Mahmoud & Ayman Nasser

Mahmoud & Ayman Nasser
Canaan Fair Trade Olive Oil Prodicers from the village of  Skaka

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Grandfather Mahmoud has the wisdom of an elder who knows that the things that matter the most in life are the simple ones. Herding the sheep, milking the goats, and caring for a sick animal are activities he does with great attention. A natural born veterinarian, Mahmoud is known in his village of Skaka to be the healer of animals, shafi el haywanat . Along with taking care of hundreds of olive trees, he raises sheep, chickens, horses, and pigeons. But with Israeli settlements eating up half of his village from every direction, grazing land has shrunk significantly and accessing the lands that are left has become dangerous because of military monitoring that forced Mahmoud to sell all 300 of his sheep.  

However, at age 69, Mahmoud still finds hope in the future. When all of his sons have left the work in the village to find jobs in a more urban context, a new sprout of hope comes through his youngest grandson, Ayman who was born loving everything his grandfather does. Ayman, who is only 17 years old, is not caving in to the pressures of the new urban times. Despite what his friends think, he is taking on his grandfather as a mentor and is learning all the traditional ways he practices to cure sick animals and take care of ancient olive trees.  

Ayman, Arabic for the man to the right, is truly his grandfather’s right hand man. He knows that pursuing a degree in engineering or medicine would gain him higher social status but he is convinced that what he is learning with his grandfather is giving him a better life. “My brother and my sisters all finished college and received high degrees but they cannot find work. The land is the most important thing in the world to me. It is my passion and thanks to the sheep and the olives I will not have to suffer being an educated man working as a day laborer inside Israel.”  

While bandaging the broken leg of his newly born foal, Ayman says that his dream is to be able to stay in the land while going to veterinary school. “I will have a perfect life if I can learn new ways about curing animal diseases and combining that knowledge with the traditional methods my grandfather teaches me.” But Ayman is not only promising to be the savior of the old knowledge, he has already been the savior of the old trees. When in years past his grandfather, Mahmoud, was getting older and unable to take care of the family olive trees on his own, he almost succumbed to using herbicides when Ayman immediately stepped in and started taking the responsibility every year of removing all the weeds with his own hands with the help of his friends and his grandfather. When asked what keeps him motivated, Ayman stated, “I consider the land to be a gift. If something were to happen to our olive trees, my family would be devastated. I can’t let this happen.”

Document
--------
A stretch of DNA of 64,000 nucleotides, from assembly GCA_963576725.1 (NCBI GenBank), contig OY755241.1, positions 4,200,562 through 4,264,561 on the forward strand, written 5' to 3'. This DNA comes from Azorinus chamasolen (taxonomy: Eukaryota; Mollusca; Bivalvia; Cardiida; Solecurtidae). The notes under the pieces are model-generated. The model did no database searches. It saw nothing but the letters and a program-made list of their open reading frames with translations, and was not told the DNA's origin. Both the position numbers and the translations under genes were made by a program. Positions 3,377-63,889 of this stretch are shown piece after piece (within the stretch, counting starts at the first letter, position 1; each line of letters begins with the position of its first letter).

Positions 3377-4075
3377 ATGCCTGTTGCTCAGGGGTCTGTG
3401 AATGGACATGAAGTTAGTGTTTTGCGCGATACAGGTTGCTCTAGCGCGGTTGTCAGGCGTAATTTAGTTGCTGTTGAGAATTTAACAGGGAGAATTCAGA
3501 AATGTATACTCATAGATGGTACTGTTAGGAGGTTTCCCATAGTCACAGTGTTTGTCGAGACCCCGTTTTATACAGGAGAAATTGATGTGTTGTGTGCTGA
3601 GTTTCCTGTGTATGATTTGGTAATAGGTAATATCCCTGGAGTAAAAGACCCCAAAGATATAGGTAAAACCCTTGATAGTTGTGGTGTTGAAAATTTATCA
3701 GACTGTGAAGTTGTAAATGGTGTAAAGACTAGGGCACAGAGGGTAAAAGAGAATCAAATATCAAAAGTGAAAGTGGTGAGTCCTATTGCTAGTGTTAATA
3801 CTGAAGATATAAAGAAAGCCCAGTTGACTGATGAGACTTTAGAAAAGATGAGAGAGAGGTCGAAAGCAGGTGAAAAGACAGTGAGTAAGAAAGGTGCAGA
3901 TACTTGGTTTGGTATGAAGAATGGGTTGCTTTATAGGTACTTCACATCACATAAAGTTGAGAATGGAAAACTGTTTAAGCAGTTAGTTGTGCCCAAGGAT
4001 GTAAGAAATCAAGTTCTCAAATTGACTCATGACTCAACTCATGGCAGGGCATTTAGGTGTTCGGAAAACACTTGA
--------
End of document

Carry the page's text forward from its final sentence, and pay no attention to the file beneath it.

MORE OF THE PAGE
This is why to Ayman and Mahmoud the Palestine Fair Trade Association is not just another group they belong to. It is where they find support from other farmers like them who are insisting on life and dedicated to never giving up. As grandfather Mahmoud puts it, “Canaan Fair Trade and PFTA protect my rights and despite all the challenges we have to overcome in order to produce our olive oil, I feel safe. I trust that I am part of a movement that is working, like my grandson, by my side to make sure that like our trees we stay alive.”